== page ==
Practical information to identify and manage non-native, invasive plants and animals
The Quiet Invasion:
A Guide to Invasive Species of the Galveston Bay Area
Chinese mitten crab
Eriocheir sinensis

ITIS TSN:99058
Presence:Species of Concern
Habitat:Aquatic
Native Range:China and Korea
Human Health
The mitten crab is the intermediate host for the Oriental lung fluke, with mammals (including humans) as the final host. Humans can become infected by eating raw or poorly cooked crabs (ISSG 2006c).
Prohibited Lists
All species of the genus Eriocheir are legally classified in Texas as exotic, harmful, or potentially harmful. No person may import, possess, sell, or place this species into state waters except as authorized by a rule or permit issued by the TPWD.
Introduction Pathways
Mitten crabs have been introduced on the West Coast of the U.S. and in the Great Lakes via ship ballast water exchange. Their occurrence in Maryland may be due to ballast water exchange or the intentional release of crabs as a food source. Mitten crabs have been imported live illegally to be sold in seafood markets. Planktonic larvae can drift passively on currents to new areas (ISSG 2006c).
Geographic Distribution
As of 2010, this species is not reported in Texas. The crab has been reported from in the U.S. with reports from California, Delaware, Louisiana, Maryland, New Jersey, New York, Ohio, and Washington. Recent evidence suggests that the population in San Francisco Bay, California is steadily on the increase (ISSG 2006c).
Specific Primary Habitats
Chinese mitten crabs are found in estuarine habitats, lakes, riparian zones, and, wetlands. The species can tolerate a wide range of abiotic conditions and has exhibited a remarkable ability to survive in highly modified aquatic habitats, including polluted waters (ISSG 2006c).
Ecological, Economic, or Social Impact
The Chinese mitten crab impacts freshwater and estuarine ecosystems on a number of levels; it has an opportunistic diet including algae, detritus, a variety of macro invertebrates, and may compete with native crab species. The Chinese mitten crab has a number of economic impacts. It is documented as stealing bait from and damaging fishing gear which hinders commercial and recreational fishing. Chinese mitten crabs are also known to block water intake pipes in irrigation and water supply systems. In California, the Chinese mitten crab has disrupted water diversion plants (ISSG 2006c).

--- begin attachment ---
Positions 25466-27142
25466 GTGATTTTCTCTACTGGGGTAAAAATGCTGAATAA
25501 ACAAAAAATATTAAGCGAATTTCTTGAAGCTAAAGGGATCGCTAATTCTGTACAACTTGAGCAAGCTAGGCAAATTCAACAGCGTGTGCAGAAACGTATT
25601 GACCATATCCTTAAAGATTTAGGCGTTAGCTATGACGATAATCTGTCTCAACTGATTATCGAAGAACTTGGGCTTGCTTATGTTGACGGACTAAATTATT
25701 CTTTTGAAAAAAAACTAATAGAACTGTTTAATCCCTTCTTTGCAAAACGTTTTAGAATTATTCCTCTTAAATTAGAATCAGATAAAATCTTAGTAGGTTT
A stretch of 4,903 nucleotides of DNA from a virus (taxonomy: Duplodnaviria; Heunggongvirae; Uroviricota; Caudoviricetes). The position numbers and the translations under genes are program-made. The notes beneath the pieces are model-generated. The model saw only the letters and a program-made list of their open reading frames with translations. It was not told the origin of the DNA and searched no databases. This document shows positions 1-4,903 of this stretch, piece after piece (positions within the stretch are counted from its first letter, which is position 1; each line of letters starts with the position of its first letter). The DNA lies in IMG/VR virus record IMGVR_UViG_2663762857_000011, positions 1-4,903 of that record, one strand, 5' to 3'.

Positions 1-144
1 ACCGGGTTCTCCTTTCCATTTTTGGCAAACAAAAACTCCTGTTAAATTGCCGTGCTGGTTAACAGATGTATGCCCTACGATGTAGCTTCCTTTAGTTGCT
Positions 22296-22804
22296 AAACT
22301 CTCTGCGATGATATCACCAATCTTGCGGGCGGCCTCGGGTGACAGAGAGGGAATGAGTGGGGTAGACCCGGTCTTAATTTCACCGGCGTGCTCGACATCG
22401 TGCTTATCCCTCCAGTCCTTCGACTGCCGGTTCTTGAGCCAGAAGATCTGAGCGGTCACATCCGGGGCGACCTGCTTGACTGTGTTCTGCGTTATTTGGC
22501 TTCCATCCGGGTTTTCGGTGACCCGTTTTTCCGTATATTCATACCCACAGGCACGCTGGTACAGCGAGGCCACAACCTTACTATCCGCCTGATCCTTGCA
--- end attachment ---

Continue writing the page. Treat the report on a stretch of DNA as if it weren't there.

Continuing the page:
Physical Description
Chinese mitten crabs are light brown in color, and have hairy claws with white tips (normally equal in size) which make the crab appear to be wearing "mittens". It has a notch between the eyes, a smooth, round carapace, and four lateral carapace spines. The maximum width is approximately 3 inches. The legs of the adult crab are more than twice as long as the carapace width (ISSG 2006c; Benson and Fuller 2010).
Reproduction Characteristics
Chinese mitten crabs take between 1 and 5 years to attain sexual maturity. This crab spends most of its life in rivers, but migrates to the sea to mate. The females carry 250,000 to 1 million eggs until hatching. Once the crabs have mated the males are thought to die, leaving the females to brood the eggs. In the spring the eggs hatch into larvae and after about 6 to 7 weeks develop into juvenile crabs, which then migrate back up the river into freshwater to complete the life cycle. In China's Yangtze River, mitten crabs have been reported 800 miles upstream from the Yellow Sea (ISSG 2006c).
Feeding
The Chinese mitten crab is an omnivore (eats many kinds of foods). Juveniles primarily eat vegetation. As they mature, they increasingly prey upon small invertebrates including worms and clams.
Control
Since early detection is key to preventing the spread and establishment of this species, regional/local monitoring or surveillance is essential. Mitten crabs should not be imported or released in local waterways. If found in local waters, note the capture location, kill and freeze the fish, and notify the TPWD.

This species belongs to the following lists:
Images
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Chinese mitten crab (<i>E. sinensis</i>). Photo courtesy of Greg Ruiz, Smithsonian Institution, Smithsonianmag.com.
Chinese mitten crab (E. sinensis). Photo courtesy of Greg Ruiz, Smithsonian Institution, Smithsonianmag.com.
Page Updated/Reviewed: 07/14/2010 1:17 PM
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